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Regional Arts Development Central West NSW

Waterbirds photography exhibition at Condobolin

wpow shot peli in flight over colony

11-21 March, 2024. Exhibition capturing the spectacular scale of Murray-Darling Basin waterbird breeding and celebrating 2 years of record-breaking waterbird breeding. The Commonwealth Environmental Water Holder has collaborated with photographers to present a stunning exhibition beautifully curated by Steven Cavanagh.

The exhibition called A Waterbird Breeding Spectacular: An Exhibition of Waterbird Photography will be on display at the Condobolin Community Centre in March.

Commonwealth Environmental Water Holder Dr Simon Banks said the waterbird photos were an outstanding collection of images of large-scale waterbird breeding at wetlands across NSW.

“Many of these wetlands are not accessible to the public so the exhibition provides an invaluable insight into these important bird species,” he said.

“These places are special – some of them recognised internationally – and we feel very privileged getting out into these wetlands to witness the waterbird breeding. We wanted to share what it’s like to be amongst the chaos and sheer scale of waterbird breeding in various Murray–Darling Basin wetlands.

“As well as showcasing some of the spectacular scenery the exhibit includes an educational component, portraying the various life stages of various birds and how water for the environment is used to support large-scale waterbird breeding.”

With the long-term trend of declining waterbird populations across the Murray–Darling Basin due to the loss of wetland habitats and decline in river flows, Dr Banks said it’s important to lock in the gains we’ve seen over the past couple of years.

Commonwealth Environmental Water Local Engagement Officer Michele Groat said it’s been an incredible few years for waterbird breeding because of all the water that has been around for the past two or so years.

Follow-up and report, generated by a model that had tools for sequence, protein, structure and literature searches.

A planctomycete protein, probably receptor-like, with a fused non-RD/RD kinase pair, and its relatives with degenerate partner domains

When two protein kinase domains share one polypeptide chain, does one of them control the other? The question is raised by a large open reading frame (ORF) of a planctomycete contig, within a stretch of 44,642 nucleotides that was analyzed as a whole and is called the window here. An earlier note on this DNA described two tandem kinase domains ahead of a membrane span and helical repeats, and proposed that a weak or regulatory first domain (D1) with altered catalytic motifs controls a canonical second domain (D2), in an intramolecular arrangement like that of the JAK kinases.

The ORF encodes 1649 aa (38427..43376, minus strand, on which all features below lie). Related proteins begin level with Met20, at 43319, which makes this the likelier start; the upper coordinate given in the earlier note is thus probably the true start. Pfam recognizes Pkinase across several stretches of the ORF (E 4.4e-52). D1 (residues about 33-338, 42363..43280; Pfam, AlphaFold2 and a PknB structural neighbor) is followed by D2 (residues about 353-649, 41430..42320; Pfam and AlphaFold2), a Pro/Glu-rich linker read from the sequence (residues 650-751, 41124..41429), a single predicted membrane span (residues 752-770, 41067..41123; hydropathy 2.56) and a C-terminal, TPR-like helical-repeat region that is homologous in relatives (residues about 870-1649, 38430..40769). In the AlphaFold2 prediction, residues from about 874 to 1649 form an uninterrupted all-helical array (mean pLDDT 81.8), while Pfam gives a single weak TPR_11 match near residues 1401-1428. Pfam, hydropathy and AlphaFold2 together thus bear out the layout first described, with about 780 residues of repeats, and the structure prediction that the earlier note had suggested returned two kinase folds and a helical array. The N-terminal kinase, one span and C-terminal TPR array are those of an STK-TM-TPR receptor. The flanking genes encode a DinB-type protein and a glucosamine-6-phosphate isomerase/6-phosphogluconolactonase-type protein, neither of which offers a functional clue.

“The bird breeding in the Lachlan last year was particularly amazing with over 100,000 ibis nests counted at Booligal wetlands and around 49,000 pelican nests at Lake Brewster. As well as ibis and pelicans, there were large numbers of spoonbills, egrets, herons and other water dependent birds like cormorants, ducks, magpie geese and grebes making the most of the favourable conditions to breed,” she said.

“While water for the environment doesn’t trigger these mass bird-breeding events, it often plays a critical role supporting them.”

“Environmental water managers monitor waterbird breeding and work closely with our partners to use water for the environment to hold water levels stable or to improve water quality so waterbirds have the best chance of survival. If water levels drop too quickly, it can lead to adult birds abandoning their nests or exposing eggs and chicks to predators like foxes and pigs. We also use water for the environment to ensure there is plenty of food and suitable habitat for young birds.”

The exhibition is also showcasing several photos taken by Condobolin’s very own Warren Chad an avid bird watcher who does much of the bird survey work for the NSW Water for the Environment in the Lachlan.

Warren and other contributors Mal Carnegie from the Lake Cowal Foundation and Adam Kerezsy, will be at the official opening night, put on by the Lachlan Arts Council on Thursday 14 March from 6pm to 8pm, to answer questions and talk about their work in the Lachlan catchment.

The exhibition was curated by Steven Cavanagh at Arts OutWest.

The exhibition will be on display from 11 – 21 March at:
Condobolin Community Centre
Cnr of Bathurst St & Dennison St
Condobolin, NSW Australia

Supplied Photo: One of the many stunning images contained within the “Waterbird Breeding Spectacular” Photography Exhibition which will be on display at the Condobolin Community Centre from 11 – 21 March.

Photo credit: Mal Carnegie, Lake Cowal Foundation
Photo location: Lake Brewster (New South Wales)
All photos taken during approved scientific monitoring